Scott Feinberg, The Hollywood Reporter | Reference Source
In 2020, one of the film industry's last major in-person gatherings before the pandemic struck was the Santa Barbara International Film Festival. The annual 10-day event, held two hours north of Los Angeles along the picturesque "American Riviera," regularly attracts a phalanx of top Oscar contenders. Despite everything that's happened since, festival executive director Roger Durling promises that the fest's 36th edition will hold its own in comparison to the previous 17 over which he has presided. The Panama-born film lover, a dynamic character known for his colorful hairstyles and distinctive sartorial flair, is populating the awards-season standard with drive-in screenings and virtual tributes and panels over more than a week.
How did you grow SBIFF into an important awards-season stop?
When I took over, it was just a small little regional film festival that nobody paid attention to, but then we shifted the dates to roughly coincide with the Oscar nominations. My first year, we held tributes to Peter Jackson and Charlize Theron en route to their Oscar wins. It gave the festival an identity.
In addition to the location and dates, talent is also drawn by Santa Barbara's high concentration of Academy members, right?
There are approximately 200 Academy members whose primary address is in Santa Barbara and quite a few more who have a home and spend quite a bit of time here. Not many places outside of Los Angeles and New York have more. Regulars at the fest include Christopher Lloyd and Jeff Bridges; Andy Davis, who directed The Fugitive; and lots of others.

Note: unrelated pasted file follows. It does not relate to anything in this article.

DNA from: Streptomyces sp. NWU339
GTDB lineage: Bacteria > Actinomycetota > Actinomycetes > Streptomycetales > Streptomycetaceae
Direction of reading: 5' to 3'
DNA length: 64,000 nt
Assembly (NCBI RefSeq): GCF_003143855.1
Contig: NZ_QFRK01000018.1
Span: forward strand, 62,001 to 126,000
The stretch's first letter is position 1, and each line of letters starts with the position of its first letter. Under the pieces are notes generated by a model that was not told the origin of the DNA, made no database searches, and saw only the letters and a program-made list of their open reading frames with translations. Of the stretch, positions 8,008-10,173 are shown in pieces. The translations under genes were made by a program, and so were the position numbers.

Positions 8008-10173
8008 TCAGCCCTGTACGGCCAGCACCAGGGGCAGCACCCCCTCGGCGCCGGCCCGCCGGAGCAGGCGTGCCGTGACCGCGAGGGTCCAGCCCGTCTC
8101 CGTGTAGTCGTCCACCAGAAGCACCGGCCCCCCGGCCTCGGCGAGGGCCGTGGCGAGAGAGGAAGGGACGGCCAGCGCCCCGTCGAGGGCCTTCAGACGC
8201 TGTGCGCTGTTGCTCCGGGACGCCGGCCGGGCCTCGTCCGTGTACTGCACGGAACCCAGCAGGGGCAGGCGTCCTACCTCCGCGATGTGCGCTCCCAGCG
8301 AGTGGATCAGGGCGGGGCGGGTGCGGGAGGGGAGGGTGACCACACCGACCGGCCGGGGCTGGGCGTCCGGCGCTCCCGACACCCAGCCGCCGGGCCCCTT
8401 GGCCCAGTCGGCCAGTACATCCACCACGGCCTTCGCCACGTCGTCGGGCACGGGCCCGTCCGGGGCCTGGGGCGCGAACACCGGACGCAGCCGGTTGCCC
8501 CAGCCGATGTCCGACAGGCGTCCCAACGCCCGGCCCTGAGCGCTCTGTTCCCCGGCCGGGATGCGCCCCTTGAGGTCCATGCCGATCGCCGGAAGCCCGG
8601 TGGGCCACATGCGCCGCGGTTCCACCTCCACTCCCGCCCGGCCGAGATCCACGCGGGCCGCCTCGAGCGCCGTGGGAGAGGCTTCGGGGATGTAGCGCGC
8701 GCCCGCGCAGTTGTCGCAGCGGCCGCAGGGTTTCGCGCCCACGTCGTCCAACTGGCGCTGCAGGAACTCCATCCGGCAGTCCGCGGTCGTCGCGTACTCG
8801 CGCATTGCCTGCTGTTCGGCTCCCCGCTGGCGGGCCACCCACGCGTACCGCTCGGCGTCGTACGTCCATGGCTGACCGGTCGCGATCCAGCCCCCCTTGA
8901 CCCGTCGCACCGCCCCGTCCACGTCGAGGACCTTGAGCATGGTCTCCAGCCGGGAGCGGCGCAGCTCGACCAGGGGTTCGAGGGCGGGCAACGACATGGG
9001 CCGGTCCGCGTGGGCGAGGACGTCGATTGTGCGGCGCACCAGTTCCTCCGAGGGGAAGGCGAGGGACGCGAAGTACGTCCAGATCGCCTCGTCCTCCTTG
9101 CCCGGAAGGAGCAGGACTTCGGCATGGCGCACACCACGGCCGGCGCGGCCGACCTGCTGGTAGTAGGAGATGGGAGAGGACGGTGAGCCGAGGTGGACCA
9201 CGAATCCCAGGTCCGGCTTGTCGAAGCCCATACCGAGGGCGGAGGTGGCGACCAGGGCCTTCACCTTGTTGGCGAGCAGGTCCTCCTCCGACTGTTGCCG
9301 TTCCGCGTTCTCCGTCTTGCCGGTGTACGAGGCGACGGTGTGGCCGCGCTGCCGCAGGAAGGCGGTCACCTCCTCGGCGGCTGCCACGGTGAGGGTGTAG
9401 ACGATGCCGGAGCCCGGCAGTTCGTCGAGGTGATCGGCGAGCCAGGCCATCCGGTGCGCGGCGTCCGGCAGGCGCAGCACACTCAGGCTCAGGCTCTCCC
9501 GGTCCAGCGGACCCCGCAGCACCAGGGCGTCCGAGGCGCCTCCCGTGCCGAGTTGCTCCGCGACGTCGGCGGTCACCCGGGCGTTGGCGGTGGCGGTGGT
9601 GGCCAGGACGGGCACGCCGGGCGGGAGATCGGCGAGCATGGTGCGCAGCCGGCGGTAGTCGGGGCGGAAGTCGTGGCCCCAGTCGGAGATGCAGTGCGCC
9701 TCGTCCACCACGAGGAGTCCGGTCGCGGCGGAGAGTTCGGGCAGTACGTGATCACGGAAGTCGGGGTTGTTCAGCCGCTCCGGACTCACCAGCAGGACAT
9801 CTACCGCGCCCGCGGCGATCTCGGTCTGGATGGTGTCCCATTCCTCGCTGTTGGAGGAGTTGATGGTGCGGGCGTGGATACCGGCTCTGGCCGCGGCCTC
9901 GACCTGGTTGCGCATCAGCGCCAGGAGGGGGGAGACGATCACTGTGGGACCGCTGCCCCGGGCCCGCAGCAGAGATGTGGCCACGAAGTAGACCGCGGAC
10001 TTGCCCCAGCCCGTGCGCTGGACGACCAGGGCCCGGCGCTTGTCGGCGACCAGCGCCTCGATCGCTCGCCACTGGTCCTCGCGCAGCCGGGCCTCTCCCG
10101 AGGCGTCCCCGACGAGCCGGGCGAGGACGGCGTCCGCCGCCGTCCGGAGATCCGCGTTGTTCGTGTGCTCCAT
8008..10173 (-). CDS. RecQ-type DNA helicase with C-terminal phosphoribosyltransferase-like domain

When the pandemic hit after last year's festival, how did it impact your planning for this year's edition?
We immediately began making plans to do a lot of it online — and we got a lot of practice, because we host screenings and Q&As year-round at our art house, the Riviera Theatre, and obviously had to shift the way we do those as well. If you look at our YouTube channel, you will see that we did about 60 virtual Q&As, including ones with just about all of this year's Oscar nominees — from Andra Day to Chloé Zhao to David Fincher to Garrett Bradley to Thomas Vinterberg to Leslie Odom Jr. to Emerald Fennell to the Minari gang. The list goes on …
Did you ever consider not holding the festival if it couldn't be done in person? The fest normally uses venues like the Arlington Theatre, which seats more than 2,000, packed to the gills.
No, never. Film festivals are all about continuity and connectivity, and so it was imperative that we proceed in some form. We considered five different scenarios, from filling our venues to just 25 percent capacity to doing it entirely virtually. I didn't want to do just virtual, so we began to focus on having a drive-in component. The local drive-in is landlocked, but I wanted to do something that felt really festive, so we are building two drive-ins in the parking lots by the ocean at Santa Barbara City College — quite an enterprise, but it certainly has everyone talking — and we are going to offer free screenings there. We're also going to have a big online component. All of the films that are part of this year's festival will be shown at the drive-in and online, and we'll be holding our tributes and panels online, too.
Who are some of the big names participating in this year's tributes?
Quite early on, we made the bold but ultimately correct decision to name Sacha Baron Cohen as the performer of the year recipient, given his incredible work in The Trial of the Chicago 7 and Borat Subsequent Moviefilm — which couldn't be more different. And, of course, we'll also have an evening with four of the five nominated directors and writers from nine of the 10 screenplay nominees.
Interview edited for length and clarity.